Stage Review of Amédée By Eugene Ionesco. Freely adapted by Sean Foley

I saw and heard everything but I’m none the wiser of what the play is meant to represent or any closer to making any sense of it, and this, evidently, is the thinking space conclusion that playwright, Eugene Ionesco first intended. I overheard someone say when asked if they liked it ‘yes, it was good…’ then a slight pause followed by the reaffirmation ‘bizarre, but good’. Reflecting on what we saw: We saw a strange couple (Amédée and Madeleine) trying to cope with a shared problem. One that has been growing and growing. One that they have failed to get to grips with over a fifteen-year span and because of it they both appear to have lived a very insular and frugal existence inside a one bed-roomed flat. Though the title suggests this is going to be about Amédée. I think we did not really get to know him. We know ‘the problem’ had made Amédée terribly indecisive and he possessed no ability to concentrate. We see a weird, scatter-brained character living on his nerves …

A Night at the Circus – Stage Review of CIRQUE BERSERK

Cirque Berserk is an extremely reputable version of a circus troupe touring theatre land and there is much more than just a tipping of the hat to the traditional in their work. Gymnastic, acrobatic, and agility talent is evident in all performances, as well expert timing and the sharp minded actions of trained minds. Much strength and concentration apparent in set skills and it is very obvious how much of a life’s work this is for most. This show will present its audiences with a lot of visual fun wherever it goes. The ‘Berserkers’ are made up of a multicultural array of circus performers mostly from South American and Eastern European countries, also, France, Mongolia and Kenya. Many are similar in their physicality within their individual ethnic groups so the stage had a real feel of the exotic. Supporting acts are the Berserk Dancing girls who hip roll and step left-and-right stage front, while the performers make those all-important stage prop changes behind. I would never wish to be pinned down to a conclusion where …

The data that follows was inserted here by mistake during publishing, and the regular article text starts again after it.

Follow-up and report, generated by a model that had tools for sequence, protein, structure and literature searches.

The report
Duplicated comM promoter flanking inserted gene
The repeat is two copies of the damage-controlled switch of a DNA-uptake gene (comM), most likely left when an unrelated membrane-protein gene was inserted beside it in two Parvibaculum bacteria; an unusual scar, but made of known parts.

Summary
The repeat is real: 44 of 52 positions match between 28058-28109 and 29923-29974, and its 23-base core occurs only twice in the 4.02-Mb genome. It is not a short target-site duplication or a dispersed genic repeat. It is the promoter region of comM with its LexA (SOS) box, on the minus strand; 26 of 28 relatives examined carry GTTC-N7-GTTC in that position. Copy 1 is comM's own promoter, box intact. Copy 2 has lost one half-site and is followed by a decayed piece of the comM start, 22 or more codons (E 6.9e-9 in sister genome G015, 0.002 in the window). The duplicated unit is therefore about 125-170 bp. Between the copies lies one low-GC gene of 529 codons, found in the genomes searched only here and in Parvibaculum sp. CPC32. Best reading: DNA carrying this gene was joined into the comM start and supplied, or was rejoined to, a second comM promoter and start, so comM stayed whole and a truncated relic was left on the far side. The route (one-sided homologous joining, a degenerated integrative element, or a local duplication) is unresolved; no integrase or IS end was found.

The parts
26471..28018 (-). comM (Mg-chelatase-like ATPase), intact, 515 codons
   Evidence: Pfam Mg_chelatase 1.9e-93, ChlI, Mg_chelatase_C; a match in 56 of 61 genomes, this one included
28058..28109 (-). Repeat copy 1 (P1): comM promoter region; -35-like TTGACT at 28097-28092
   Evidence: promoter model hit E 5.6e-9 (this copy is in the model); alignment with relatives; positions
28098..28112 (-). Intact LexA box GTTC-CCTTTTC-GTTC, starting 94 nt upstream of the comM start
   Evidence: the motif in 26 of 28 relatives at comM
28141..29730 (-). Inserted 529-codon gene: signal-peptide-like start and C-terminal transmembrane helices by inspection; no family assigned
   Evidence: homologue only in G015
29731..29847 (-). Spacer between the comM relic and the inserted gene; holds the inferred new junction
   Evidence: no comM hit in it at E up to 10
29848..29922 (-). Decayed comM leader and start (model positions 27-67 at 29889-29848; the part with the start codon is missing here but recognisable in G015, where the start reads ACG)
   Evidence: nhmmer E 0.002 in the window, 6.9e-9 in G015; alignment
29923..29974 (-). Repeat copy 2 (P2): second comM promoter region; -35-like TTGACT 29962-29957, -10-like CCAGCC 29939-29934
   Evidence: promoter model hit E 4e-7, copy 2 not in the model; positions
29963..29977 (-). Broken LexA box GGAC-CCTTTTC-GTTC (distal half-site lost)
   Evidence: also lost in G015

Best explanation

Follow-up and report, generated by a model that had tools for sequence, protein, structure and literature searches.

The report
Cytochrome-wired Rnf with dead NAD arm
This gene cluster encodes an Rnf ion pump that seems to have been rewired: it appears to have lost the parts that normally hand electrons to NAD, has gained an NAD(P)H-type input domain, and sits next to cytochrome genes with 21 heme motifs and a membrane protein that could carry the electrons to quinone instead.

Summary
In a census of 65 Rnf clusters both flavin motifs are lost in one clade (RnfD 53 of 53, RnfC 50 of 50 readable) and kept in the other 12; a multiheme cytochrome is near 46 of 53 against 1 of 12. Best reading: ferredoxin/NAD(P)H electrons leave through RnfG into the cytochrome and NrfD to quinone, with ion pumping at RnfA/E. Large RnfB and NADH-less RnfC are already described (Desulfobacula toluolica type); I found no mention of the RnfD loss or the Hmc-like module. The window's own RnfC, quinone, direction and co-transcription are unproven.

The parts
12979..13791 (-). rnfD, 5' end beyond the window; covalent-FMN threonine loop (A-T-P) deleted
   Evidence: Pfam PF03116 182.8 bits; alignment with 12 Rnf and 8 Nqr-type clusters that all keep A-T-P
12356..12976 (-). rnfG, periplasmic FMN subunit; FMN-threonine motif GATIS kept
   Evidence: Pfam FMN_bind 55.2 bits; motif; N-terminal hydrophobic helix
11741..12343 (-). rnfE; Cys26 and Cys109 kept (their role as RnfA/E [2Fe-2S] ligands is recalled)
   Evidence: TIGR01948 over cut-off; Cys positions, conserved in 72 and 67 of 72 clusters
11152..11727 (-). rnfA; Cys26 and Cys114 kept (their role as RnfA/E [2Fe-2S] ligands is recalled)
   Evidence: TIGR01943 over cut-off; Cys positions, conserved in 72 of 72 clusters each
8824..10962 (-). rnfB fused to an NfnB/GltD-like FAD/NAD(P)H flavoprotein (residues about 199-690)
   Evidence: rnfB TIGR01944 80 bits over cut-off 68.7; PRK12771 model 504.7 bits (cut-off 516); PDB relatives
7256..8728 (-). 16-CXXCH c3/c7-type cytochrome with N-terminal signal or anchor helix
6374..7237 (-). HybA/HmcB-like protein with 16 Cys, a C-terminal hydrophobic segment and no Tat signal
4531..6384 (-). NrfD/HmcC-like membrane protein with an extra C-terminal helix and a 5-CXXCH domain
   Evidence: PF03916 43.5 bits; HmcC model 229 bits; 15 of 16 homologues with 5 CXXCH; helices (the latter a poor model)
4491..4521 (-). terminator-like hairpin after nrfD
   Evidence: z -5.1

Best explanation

An Interview with Actor, Writer and Producer, Daniel Taylor

About Daniel Taylor Daniel Taylor is known for playing Sammy in Blood Brothers (West End and national tour). Read our previously published review of that tour date in Coventry here. Also Mickey in Alan Bleasdale’s production of Down the Dock Road (Royal Court, Liverpool). In Autumn 2016, Taylor toured the UK, US and Canada in the title role of stage production Lennon: Through A Glass Onion. About The Tommy Cooper Show Daniel Taylor is currently touring the UK with his own production The Tommy Cooper Show, a three-hander based on the life of the late comedian. Co-written by Taylor himself, along with playwright Ian Carroll, The Tommy Cooper Show takes us on a journey from Cooper’s days in the army right up to the height of his national TV stardom. The Tommy Cooper Show remains a celebration of what made Cooper such a national treasure who brought joy and laughter to the British public. Note: The production has the blessing of Tommy Cooper’s estate and his daughter Vicky. The show returns to Shrewsbury’s Theatre Severn …